Saturday 21 December 2019

Is South Africa back on the international motorsport map?

FIA World Rallycross action at the Killarney International Raceway.
PHOTO CREDIT: Franco Theron/Galimoto Media.
Motorsport in South Africa is on an upward trajectory. The country has a variety of local categories from karting to Global Touring Cars, Motorbike racing, drifting and drag racing. But things changed for the better in 2017 when the FIA World Rallycross Championship announced a round of the international series in Cape Town (Killarney International Raceway). 

South Africa last hosted an FIA-sanctioned world championship event in 1993, and the announcement of the FIA World Rallycross Championship would put South Africa back onto the international map. 

While Cape Town returned to the international stage in 2017, the Kyalami Grand Prix circuit in Midrand also took center stage in the rebirth of South African International Motorsport. This after undergoing renovation after being acquired in 2014 by Toby Venter CEO of Porsche SA. The Kyalami was awarded an FIA Grade 2 certification meaning the circuit could host international motorsport apart from Formula 1 which requires Grade 1 certification.

In 2018, it was announced that the Intercontinental GT Challenge would return to the Kyalami Grand Prix circuit to host the “Kyalami 9 hour”, an event that awakened global interest in South Africa after a spectacular race. Live stream statistics for the Kyalami 9 Hour was off the chart - becoming the number one watched motorsport live stream on YouTube in 2019.

Having seen the success of the Kyalami 9 hour, rumors quickly circulated that the FIA World Endurance Championship (WEC) could be heading to the Kyalami Grand Prix circuit in the not too distant future, but those rumors were silenced when the ACO announced the provisional 2020/21 WEC Calendar with South Africa included and scheduled to host the opening race of the 2021 calendar year on 6 February 2021. 

South Africa has a broad array of talented drivers racing in international motorsport series: Jordan Pepper, Kevin van der Linde, Saul Hack and David Perel in GT Racing. Tasmin Pepper competes in the women-only WSeries. Sheldon van der Linde and Jonathan Aberdein compete in the DTM series. The Binder brothers Brad and Darryn Binder have competed in the MotoGP feeder championship in recent years, but in 2020 Brad Binder will take the step up to MotoGP, while Darryn Binder will remain in the Moto3 championship. Stuart White has also represented South Africa in the French Formula 4 championship and became a Sauber Motorsport supported driver earlier this year.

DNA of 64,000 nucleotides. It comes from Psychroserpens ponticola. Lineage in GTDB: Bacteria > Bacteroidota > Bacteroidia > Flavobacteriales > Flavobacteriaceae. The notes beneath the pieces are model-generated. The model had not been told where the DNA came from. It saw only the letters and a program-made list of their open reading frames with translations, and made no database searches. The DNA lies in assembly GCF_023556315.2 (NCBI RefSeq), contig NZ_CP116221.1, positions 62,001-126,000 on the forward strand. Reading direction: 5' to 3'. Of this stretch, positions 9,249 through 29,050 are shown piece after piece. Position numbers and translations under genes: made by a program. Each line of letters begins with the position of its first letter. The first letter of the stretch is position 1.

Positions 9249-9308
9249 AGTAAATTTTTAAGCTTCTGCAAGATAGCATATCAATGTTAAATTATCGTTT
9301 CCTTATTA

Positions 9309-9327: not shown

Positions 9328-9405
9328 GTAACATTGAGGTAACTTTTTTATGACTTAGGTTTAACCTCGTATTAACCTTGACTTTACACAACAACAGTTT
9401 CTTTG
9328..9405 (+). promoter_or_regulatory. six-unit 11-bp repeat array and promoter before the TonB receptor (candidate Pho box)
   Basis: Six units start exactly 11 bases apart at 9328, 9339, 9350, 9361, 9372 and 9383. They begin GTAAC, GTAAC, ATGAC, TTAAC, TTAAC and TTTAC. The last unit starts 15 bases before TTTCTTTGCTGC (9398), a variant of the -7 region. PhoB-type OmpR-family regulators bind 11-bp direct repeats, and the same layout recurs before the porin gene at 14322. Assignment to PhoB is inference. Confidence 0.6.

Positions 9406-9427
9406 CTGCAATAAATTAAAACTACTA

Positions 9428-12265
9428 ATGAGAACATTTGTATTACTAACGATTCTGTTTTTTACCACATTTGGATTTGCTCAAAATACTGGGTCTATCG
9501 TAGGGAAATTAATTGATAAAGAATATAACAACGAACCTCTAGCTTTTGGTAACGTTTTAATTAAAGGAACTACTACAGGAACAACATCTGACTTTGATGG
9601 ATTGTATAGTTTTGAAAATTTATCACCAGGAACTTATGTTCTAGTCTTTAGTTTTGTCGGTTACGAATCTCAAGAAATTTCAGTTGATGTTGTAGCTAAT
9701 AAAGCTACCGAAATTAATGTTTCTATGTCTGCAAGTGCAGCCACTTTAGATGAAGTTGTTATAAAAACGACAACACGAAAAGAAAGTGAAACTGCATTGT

2020 will also see more African Dakar entries, with no less than 9 entries. While Donovan van de Langenberg, unfortunately, had to rule out his 2020 Malle Moto charge (due to an accident earlier this year), the Cape Town based rider is set to aim for the title in 2021. 

Hennie de Klerk, the 2018 Dakar rookie champion, will also take on the Dakar, aiming for even more of an improvement in new Red-Lined, Nissan machinery. Joining him in the car category will be the 2009 winner, Giniel de Villiers, aiming for a second title. 

The Formula K circuit in Benoni, Johannesburg.
In the motorbike and SSV category, Ross Branch, Aaron Mare, Stuart Gregory, Kristen Landman, Wessel Bosman, Graeme Sharp, and Conrad Rautenbach, is set to charge the first stage on 5 January. 

In addition to all these positives, a world-class Grade A certified CIK (Commission Internationale de Karting) and FIA circuit named ‘Formula K’ was launched in Benoni, Johannesburg. The Formula K circuit is the countries only track eligible to host world championship go-karting events. 

While motorsport interest is growing in South Africa, the country could soon welcome the (FIA) ABB Formula E championship in Cape Town. The City of Cape Town announced earlier this year that they are considering bringing Formula E to Cape Town and that a feasibility study will be conducted before any decision is made. eMovement, however, the company in charge of the feasibility study are certain that Formula E will come to Cape Town soon. 

While South Africa is seeing a growth in international motorsport interest, the FIA once again introduced the Kenyan-based, Safari rally after an 18-year absence. This investment is sure to see more growth in the local rallying industry. 

Over the past three years, motorsport in South Africa (Africa) has once again taken to the international stage, largely by virtue of the FIA and Jean Todt wanting the sport moving across global borders and truly making it a world series. 

This continuous collaboration with the likes of the South African government, City of Cape Town and the private sector will once again see the return of the golden motorsport years for South Africa. 

Written By – Junaid Samodien and Franco Theron. 

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